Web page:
National Geographic : 1995 Nov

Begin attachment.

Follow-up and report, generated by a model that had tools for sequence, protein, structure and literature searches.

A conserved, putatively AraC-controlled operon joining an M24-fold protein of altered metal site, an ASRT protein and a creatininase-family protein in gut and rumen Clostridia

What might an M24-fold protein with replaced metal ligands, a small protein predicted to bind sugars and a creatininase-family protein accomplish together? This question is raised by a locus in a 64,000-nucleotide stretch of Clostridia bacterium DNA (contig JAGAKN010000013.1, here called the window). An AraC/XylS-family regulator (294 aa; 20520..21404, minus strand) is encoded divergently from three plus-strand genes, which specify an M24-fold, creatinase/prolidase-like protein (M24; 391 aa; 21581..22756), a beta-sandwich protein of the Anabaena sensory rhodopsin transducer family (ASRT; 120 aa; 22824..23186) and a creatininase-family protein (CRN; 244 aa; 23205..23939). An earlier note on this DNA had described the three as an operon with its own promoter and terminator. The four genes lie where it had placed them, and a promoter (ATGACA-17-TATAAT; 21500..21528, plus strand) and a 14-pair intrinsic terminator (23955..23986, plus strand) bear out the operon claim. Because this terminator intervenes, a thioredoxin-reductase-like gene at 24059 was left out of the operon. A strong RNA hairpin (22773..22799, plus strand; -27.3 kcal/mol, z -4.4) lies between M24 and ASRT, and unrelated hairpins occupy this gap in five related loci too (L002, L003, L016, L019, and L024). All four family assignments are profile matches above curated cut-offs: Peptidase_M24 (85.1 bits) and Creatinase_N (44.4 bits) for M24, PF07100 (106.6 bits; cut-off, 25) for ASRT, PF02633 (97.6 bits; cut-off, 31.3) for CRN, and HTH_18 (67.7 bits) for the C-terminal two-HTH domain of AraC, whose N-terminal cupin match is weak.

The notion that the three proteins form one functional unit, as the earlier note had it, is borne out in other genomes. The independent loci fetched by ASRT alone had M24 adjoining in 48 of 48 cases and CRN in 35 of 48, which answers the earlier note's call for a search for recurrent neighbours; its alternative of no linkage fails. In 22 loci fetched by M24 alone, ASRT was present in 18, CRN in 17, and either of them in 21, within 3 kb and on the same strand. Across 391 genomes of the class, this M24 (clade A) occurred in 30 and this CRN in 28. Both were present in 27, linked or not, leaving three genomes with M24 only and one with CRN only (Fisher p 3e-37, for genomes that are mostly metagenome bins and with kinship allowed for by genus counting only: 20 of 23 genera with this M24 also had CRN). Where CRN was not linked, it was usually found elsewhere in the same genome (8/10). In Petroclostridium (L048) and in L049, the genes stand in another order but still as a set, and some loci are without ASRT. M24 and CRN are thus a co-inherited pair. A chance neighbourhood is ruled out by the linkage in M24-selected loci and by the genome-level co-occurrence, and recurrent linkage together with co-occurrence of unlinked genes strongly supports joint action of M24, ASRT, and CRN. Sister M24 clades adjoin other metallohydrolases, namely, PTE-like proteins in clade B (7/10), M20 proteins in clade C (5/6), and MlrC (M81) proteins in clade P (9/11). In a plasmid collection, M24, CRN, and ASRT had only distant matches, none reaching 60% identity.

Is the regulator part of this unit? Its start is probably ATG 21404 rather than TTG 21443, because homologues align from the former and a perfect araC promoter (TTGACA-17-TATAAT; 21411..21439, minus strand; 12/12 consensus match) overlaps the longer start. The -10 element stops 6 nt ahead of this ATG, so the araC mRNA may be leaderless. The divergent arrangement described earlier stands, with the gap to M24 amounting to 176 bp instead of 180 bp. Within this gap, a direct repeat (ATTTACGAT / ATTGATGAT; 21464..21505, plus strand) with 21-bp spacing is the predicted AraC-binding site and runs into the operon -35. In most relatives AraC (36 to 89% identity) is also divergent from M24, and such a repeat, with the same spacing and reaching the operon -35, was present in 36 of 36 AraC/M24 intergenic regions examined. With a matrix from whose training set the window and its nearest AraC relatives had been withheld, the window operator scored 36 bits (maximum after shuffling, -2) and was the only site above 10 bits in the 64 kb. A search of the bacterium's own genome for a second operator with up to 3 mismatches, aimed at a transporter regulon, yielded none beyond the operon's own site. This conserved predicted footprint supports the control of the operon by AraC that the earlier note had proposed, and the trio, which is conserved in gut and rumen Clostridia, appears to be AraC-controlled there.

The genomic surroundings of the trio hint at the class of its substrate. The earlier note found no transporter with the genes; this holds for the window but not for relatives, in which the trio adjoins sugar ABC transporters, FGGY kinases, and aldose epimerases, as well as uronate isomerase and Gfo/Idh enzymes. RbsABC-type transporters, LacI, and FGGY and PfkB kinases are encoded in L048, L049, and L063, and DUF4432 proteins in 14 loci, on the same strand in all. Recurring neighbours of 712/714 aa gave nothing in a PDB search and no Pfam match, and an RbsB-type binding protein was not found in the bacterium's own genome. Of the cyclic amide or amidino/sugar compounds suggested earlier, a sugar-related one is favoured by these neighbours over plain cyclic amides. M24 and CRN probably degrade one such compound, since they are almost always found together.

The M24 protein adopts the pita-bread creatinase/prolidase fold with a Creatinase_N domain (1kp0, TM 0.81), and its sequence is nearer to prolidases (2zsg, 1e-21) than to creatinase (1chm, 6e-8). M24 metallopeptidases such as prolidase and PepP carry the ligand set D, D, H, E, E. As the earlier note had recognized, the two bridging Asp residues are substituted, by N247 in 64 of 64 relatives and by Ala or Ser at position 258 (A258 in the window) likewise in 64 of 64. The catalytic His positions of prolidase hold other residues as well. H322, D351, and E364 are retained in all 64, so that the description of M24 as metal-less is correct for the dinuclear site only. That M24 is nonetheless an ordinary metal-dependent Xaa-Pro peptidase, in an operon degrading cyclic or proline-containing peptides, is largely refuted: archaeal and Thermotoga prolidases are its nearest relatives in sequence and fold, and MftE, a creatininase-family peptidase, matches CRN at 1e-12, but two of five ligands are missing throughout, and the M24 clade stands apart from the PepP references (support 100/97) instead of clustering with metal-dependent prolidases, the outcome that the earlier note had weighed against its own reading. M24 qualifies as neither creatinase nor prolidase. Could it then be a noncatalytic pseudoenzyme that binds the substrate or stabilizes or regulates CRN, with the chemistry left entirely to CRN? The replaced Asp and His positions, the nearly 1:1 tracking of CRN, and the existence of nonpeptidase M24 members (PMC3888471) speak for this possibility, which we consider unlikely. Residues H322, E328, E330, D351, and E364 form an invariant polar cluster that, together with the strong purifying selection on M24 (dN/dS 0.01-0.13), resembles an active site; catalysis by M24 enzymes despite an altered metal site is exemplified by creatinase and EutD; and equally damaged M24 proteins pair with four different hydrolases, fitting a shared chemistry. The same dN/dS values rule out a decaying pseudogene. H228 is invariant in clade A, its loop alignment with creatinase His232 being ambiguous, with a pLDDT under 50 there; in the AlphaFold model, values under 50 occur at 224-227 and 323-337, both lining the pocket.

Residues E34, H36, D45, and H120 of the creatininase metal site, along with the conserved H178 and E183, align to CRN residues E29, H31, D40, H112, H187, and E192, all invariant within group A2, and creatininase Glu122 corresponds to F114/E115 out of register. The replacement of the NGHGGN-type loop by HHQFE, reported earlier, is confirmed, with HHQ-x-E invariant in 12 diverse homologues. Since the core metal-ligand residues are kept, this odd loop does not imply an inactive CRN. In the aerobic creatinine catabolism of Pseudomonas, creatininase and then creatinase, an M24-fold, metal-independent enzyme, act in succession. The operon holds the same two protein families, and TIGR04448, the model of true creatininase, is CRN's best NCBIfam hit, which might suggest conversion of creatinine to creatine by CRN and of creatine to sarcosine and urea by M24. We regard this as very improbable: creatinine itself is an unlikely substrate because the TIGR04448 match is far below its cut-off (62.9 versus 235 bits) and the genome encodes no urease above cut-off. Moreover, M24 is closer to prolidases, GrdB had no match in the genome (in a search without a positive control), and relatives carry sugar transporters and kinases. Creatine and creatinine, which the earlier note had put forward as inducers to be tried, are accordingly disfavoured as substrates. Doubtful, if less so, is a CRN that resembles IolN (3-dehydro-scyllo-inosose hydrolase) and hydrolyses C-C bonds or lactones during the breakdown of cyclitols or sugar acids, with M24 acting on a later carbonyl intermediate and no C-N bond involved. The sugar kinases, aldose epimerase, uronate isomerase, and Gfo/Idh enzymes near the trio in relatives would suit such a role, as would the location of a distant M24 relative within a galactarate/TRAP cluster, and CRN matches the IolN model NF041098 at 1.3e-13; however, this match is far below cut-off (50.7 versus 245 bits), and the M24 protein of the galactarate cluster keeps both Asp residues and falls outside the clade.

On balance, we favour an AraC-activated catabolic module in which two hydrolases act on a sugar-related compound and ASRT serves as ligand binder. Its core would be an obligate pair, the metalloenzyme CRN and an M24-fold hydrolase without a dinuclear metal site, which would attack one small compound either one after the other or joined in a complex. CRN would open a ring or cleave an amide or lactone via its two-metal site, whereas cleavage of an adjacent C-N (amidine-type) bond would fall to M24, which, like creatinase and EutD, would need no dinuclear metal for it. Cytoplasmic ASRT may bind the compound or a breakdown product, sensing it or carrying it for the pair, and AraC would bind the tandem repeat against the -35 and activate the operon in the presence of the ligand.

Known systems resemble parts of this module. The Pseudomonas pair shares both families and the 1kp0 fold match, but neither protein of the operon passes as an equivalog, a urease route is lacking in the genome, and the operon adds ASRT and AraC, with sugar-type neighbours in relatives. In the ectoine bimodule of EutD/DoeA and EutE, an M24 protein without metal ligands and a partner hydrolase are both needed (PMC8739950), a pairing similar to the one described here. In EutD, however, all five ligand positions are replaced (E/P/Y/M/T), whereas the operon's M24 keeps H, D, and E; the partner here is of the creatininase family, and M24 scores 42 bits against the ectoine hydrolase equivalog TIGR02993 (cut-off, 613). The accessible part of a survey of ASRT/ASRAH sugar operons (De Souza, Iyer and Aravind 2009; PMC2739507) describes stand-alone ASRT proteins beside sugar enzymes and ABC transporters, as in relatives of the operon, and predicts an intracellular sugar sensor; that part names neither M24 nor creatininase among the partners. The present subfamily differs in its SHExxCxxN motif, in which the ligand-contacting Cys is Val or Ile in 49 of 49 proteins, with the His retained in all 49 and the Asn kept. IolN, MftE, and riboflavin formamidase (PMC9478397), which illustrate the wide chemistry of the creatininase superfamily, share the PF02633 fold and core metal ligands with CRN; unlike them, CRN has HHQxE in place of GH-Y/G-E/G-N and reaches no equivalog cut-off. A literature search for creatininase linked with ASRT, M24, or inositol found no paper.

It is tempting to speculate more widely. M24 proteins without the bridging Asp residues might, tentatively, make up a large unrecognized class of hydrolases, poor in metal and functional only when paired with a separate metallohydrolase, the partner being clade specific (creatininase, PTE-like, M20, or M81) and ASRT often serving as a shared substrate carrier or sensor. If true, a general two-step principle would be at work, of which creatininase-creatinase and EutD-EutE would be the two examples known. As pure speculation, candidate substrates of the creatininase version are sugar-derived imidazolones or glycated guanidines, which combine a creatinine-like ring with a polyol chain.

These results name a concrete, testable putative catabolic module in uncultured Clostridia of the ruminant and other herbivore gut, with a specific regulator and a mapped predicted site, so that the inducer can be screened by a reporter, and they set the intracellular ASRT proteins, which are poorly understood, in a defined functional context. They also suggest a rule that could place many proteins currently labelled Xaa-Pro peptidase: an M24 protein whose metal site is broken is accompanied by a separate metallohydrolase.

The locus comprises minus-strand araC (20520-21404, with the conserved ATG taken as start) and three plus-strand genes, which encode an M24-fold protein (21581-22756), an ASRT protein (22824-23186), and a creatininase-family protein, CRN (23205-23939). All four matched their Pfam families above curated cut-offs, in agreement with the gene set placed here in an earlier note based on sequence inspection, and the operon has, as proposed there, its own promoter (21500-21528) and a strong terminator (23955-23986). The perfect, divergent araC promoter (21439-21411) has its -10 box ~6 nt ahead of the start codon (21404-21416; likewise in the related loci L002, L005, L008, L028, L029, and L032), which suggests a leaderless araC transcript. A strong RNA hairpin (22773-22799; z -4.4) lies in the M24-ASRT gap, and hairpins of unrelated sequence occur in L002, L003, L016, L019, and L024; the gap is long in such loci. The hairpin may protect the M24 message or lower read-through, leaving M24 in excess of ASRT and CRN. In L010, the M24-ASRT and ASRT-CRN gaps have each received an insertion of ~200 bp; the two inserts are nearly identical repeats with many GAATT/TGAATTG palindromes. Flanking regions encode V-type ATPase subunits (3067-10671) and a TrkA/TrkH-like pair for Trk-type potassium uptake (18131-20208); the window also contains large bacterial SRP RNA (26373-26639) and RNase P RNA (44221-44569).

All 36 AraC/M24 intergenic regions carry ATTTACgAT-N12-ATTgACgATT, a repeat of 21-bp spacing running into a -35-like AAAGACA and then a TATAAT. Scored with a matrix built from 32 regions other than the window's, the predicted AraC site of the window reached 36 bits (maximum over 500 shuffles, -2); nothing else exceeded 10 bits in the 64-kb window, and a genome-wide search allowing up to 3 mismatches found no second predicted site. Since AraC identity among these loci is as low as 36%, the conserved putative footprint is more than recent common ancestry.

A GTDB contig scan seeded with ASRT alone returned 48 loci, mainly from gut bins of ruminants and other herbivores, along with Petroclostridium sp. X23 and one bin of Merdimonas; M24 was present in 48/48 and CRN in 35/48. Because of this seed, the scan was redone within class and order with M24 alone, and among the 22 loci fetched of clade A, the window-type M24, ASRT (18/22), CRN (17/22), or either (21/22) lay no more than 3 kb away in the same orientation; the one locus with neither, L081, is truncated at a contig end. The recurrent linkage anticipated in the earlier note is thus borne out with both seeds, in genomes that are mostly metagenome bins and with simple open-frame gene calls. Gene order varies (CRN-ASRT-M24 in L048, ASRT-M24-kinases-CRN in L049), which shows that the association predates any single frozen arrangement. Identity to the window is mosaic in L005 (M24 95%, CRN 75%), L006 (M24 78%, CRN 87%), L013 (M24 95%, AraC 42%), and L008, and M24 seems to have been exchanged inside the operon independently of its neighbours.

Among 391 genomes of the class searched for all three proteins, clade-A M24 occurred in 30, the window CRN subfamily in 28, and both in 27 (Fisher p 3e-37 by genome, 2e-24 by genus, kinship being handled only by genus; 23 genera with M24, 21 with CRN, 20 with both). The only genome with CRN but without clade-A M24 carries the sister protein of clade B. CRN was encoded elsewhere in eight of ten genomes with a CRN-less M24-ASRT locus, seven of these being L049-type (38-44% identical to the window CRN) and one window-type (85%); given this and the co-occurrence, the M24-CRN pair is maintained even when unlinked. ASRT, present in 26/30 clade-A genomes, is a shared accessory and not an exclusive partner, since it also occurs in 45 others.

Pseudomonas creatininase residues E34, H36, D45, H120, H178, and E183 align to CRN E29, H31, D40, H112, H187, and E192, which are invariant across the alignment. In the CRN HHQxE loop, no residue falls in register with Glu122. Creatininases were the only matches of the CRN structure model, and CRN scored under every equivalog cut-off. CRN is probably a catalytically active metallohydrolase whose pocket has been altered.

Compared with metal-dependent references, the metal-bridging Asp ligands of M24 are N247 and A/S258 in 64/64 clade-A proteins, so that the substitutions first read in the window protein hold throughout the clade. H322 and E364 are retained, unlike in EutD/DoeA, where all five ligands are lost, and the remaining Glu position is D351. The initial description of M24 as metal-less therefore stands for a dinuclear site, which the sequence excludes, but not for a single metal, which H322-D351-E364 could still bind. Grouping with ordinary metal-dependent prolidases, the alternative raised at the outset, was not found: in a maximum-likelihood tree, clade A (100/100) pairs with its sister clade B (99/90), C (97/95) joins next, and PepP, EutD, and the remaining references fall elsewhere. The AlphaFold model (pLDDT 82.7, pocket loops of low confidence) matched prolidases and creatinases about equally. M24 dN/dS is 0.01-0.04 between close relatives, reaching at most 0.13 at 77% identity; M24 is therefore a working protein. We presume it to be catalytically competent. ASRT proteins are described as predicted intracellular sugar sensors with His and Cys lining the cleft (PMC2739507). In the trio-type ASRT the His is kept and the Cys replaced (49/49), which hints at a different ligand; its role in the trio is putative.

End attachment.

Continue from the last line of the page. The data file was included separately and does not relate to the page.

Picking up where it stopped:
An upside-down audience of whales Being stared at by sperm whales was a novel event for Nicklin. "I was snorkeling on the surface when the whales showed up 50 feet below me. They turned over and floated belly up for 15 minutes sending out sound waves to echolocate me. I could feel them looking at me." The unorthodox posture principally aids vision. Right side up, the whales' upward vision is restricted by their bulky heads. By turning over, the whales could use both eyes together, improving their depth perception. Nicklin saw the whales easily from the vivid outline of their lower jaws. The white skin coloring probably plays a role in visual communication between group members. Sperm whales are usually heard but not seen. Counting whales, researcher Jonathan Gordon (below) listens hard to a hydrophone. If he hears a loud clang, he knows a big male is somewhere near.